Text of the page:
The Vermont Yarn Crawl (and Cemetary Tour) 2009

It sounded like a good idea. My SO and I planned to wander around Vermont for a few days, and to lend some structure to our ramblings, I made note of various and sundry yarn-related locations to drive by. I didn't want to disturb anyone or creep them out, but I thought following a yarn path would be a fun theme for our vacation.

First stop was supposed to be Firefox Fiber, which technically is not in Vermont, but it was on the way. We never did find it - we were on the wrong side of the mountain (thanks, Google maps) - but we did find this:

While I did not buy any Firefox Fiber there, yarn was purchased ...

... plus I bought Barbara Parry's new book.

Once we were in Vermont proper, we stopped in Putney at Green Mountain Spinnery. It was Sunday afternoon, so I was surprised to find they were open and that there is a small retail outlet there. Doubly surprised were we to get a tour of their operation. I wish I had a digital recorder because I can't recall all the details of the process. I do remember that GMS put the green in commercial spinning. Not only do they work with only natural fibers, they do it in an ecologically sound manner, and have been doing so for thirty years. Definitely ahead of their time.

(All mistakes in captioning the following photos are mine.)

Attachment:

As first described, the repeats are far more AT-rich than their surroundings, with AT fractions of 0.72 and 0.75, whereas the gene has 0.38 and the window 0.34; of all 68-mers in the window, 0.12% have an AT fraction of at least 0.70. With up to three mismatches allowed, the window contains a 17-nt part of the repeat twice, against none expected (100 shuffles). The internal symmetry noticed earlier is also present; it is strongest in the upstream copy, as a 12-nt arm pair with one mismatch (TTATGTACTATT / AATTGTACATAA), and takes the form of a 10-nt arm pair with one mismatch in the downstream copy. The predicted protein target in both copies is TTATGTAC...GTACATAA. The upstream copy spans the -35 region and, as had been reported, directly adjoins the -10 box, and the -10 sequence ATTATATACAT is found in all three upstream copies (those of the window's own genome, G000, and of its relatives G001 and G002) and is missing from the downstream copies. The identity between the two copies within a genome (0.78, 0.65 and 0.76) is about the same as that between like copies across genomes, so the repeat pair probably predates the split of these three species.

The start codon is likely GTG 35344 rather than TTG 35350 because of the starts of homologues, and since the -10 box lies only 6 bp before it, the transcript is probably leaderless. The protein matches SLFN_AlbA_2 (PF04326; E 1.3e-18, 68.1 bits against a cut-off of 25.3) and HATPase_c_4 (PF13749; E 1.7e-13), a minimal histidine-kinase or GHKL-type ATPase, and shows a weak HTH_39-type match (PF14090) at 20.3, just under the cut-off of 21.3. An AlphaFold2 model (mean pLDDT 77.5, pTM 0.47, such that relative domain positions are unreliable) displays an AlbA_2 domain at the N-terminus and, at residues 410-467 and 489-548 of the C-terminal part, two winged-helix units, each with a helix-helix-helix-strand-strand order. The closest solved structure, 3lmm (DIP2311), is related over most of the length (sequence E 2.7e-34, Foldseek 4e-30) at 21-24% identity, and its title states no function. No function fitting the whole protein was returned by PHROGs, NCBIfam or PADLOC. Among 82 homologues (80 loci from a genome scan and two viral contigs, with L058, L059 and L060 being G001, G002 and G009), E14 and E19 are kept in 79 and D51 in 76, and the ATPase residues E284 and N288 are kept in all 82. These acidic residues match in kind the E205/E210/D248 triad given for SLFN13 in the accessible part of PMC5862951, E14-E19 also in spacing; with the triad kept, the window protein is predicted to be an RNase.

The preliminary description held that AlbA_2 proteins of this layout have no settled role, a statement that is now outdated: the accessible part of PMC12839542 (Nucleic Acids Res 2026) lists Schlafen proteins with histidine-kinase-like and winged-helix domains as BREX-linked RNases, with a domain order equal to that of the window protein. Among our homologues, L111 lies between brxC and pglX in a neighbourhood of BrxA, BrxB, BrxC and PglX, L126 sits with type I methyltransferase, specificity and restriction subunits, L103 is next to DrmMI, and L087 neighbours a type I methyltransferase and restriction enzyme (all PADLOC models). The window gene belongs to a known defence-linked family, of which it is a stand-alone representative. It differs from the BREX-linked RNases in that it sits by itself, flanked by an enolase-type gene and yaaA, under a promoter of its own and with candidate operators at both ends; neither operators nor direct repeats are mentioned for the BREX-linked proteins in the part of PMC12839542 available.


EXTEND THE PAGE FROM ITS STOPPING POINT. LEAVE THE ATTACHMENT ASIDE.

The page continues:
Fleeces waiting to be processed:

Where the fleeces are scoured...

... and spun to remove excess water ...

... and actually put in a dryer!

Um... I forget what this does. Fluff the fibers?

Then a small room is filled with loose fiber.

Next comes the carding...

... to create woolen batts.

Pencil roving...

... becomes single plies with a Z-twist...

... which are plied with an S-twist.

Yarn is then skeined...

...and hand knotted.

Eric Robinson could not have been more helpful and friendly, so of course I had to make some purchases, including her own design for the Anatolian Flip.

Our success at GMS propelled us to Barton, home of Cherry Tree Hill yarn, one of my favorite sock yarns. Their web site points out that they are not open to the public, but tours can be arranged. Apparently not last minute tours, though, by tourists who show up unannounced near quitting time on a Monday afternoon. I could not charm my way past the reception area, but I did eyeball the hanks of gorgeous color that hung all around.